Jesse Cohen tent city residents await eviction

Some protesters in the impoverished neighborhood vow to fight police when time comes.

By
September 5, 2011 03:43
4 minute read.
Yehuda Cohen, left, argues with Rafi Moseri

Yehuda Cohen at Jesse Cohen tent city 311. (photo credit: Ben Hartman)

Residents of the tent city in Holon’s Jesse Cohen neighborhood were on edge Sunday afternoon, with some vowing to fight police and municipal clerks who are expected to come early Monday morning to evict them by force.

The tension at Jesse Cohen followed a late-night eviction notice issued by the Holon Municipality. The residents of the tent city, most of whom are homeless families who say they have nowhere else to live and are demanding public housing, said that they aren’t going anywhere and their protest is far from over.

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The municipality’s eviction notices were posted to the 10 wooden shacks at the campsite around 3:30 a.m. Sunday morning, and informed residents that they have up to 24 hours to leave before they are removed by force.

After word got out of the eviction notice, activists from the Rothschild tent city and elsewhere, including protest leader Daphni Leef, appeared on the scene to show solidarity with the residents. Leef’s appearance, which came only minutes after two van loads of ‘YASSAM’ riot police left, was not greeted warmly, with several residents cursing and berating Leef, saying that she doesn’t represent their struggle and demanding that she leave.

Several other residents came to her defense and within moments shoving matches broke out between the two sides.

Cooler heads eventually prevailed, and within minutes Leef was chatting on a sofa with a group of locals.

“We’re all in this together. I wasn’t surprised by the reception, these people here are hungry. I am here marked as someone leading a social movement that is not getting the answers it needs, and they are frustrated and they put that on me,” Leef said.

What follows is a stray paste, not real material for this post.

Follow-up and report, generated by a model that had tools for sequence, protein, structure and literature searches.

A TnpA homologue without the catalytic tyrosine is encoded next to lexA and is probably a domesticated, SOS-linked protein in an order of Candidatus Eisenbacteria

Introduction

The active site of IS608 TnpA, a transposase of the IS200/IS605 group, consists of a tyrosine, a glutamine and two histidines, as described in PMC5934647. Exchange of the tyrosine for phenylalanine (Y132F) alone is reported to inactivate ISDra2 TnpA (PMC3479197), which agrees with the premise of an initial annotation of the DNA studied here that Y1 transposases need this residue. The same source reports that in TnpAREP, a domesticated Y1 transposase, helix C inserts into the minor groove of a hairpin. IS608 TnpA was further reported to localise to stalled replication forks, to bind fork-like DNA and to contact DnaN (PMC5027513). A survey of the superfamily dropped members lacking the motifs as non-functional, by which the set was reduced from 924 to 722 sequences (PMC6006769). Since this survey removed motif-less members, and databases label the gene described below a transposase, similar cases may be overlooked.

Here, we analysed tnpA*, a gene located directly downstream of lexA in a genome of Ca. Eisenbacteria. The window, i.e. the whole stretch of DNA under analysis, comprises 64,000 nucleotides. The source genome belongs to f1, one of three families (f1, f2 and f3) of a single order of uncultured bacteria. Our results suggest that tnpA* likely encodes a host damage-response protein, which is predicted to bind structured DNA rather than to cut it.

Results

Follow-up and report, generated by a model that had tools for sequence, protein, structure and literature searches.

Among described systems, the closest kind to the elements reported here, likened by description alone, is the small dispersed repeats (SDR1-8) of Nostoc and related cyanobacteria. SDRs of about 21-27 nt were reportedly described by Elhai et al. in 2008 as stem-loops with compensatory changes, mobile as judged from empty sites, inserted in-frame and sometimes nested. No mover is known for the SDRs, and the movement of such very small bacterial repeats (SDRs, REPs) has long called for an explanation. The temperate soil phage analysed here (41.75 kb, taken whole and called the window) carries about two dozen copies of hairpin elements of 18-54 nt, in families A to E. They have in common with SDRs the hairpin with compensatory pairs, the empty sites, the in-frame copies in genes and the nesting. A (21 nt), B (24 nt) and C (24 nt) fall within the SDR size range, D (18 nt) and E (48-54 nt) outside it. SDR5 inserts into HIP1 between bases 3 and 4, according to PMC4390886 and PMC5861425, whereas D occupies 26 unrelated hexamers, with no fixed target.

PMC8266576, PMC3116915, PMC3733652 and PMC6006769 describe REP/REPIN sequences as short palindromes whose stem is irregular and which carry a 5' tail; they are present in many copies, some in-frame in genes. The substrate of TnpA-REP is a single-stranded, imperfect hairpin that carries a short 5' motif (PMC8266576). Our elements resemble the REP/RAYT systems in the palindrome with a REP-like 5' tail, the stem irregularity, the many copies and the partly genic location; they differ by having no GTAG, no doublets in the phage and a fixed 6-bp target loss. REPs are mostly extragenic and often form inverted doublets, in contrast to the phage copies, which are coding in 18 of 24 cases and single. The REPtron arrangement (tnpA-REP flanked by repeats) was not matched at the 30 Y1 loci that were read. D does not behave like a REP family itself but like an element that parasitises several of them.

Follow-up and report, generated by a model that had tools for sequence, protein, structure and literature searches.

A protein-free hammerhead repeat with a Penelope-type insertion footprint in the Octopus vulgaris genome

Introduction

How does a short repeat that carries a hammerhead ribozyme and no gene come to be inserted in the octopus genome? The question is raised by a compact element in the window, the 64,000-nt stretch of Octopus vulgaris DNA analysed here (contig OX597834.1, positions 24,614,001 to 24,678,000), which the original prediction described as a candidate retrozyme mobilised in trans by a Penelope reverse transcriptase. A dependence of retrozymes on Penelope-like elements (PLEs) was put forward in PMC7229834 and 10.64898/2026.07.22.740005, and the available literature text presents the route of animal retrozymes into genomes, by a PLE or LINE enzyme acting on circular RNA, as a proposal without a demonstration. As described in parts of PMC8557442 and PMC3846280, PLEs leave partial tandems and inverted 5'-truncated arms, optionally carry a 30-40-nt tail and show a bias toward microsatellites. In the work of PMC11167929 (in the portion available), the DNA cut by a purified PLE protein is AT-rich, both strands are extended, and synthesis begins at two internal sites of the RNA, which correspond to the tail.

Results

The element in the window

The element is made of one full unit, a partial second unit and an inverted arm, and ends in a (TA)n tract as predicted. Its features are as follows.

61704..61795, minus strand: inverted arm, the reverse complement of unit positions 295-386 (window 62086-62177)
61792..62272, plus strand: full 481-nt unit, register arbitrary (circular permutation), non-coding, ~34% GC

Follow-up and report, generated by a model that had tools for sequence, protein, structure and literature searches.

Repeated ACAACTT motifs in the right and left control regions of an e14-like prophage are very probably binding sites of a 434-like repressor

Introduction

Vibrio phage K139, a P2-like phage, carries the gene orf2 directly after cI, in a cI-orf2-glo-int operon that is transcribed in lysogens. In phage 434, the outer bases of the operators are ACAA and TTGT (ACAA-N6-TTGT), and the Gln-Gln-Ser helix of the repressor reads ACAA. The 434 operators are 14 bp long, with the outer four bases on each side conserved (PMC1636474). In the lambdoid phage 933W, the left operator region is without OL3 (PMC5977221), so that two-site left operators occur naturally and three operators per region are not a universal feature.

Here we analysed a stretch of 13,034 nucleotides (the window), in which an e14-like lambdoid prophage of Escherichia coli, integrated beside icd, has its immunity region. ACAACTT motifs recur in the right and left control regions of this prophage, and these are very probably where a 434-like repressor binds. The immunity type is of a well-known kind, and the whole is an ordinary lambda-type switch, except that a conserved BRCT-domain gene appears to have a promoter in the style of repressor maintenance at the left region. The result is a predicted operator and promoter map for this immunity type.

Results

“So they blew up at me, that’s perfectly fine, I don’t take it personally.”

Leef added that she would stay on the scene at Jesse Cohen as would other supporters throughout the night, because “we’re all in this this together, their struggle is our struggle. These are people who have nowhere to live and need answers.”

Leef added that she also expects activists from tent cities around the country to come and support the Jesse Cohen protesters.

One of the residents who shouted at Leef was Yehuda Cohen, 28, who has been living with his mother in a shack at the campsite for nearly a month.

“She’s not part of this struggle. Rothschild is not part of this. We’re people who don’t have a house, we don’t have anywhere to live.”

Cohen added: “They’re coming here now because the story’s here, they’re no longer on top. When they were on top we asked them to come down here and help and they wouldn’t. Now they come down here to hitch a ride on this.”

To some extent, the fracas seemed a microcosm of the schism between the middle-class Israelis who make up the majority of the social justice protesters and the homeless and working poor who have inhabited the tent cities in poor districts like Jesse Cohen.

While the tent city phase may be over for protesters such as the National Student Union, which began packing up their campsites on Sunday, for those at places like Jesse Cohen the decision to fold up their tents and shacks would represent losing what they say is their only chance to find a roof over their heads.

The eviction notice was given to Jesse Cohen only hours before residents of the tent city in nearby Bat Yam, another hardscrabble suburb of Tel Aviv, said they were visited by municipal clerks who said they would need to remove the shacks they had set up at the campsite.

One of the most on-edge residents was local activist Rafi Moseri, who spent 15 years in prison for a violent offense he would not elaborate on. Moseri was pacing the scene frantically all day, saying that the people of Jesse Cohen would fight and warning “beware of the poor, do not mess with the poor. The people here have nothing to lose, nothing to eat, nowhere to live, and will fight to get what they need.”

Periodically, Moseri would run across the street with a group of youngsters to a sand dune where after nightfall two shadowy figures they suspected to be police observed the scene with binoculars and cameras with telescopic lenses. Moseri and the youngsters would curse at the two men, who stood their ground and offered no explanation for their presence.

The 24-hour notice will run out at 3:30 a.m., and until then, locals vow to remain on guard and prepare for a fight, if it comes.


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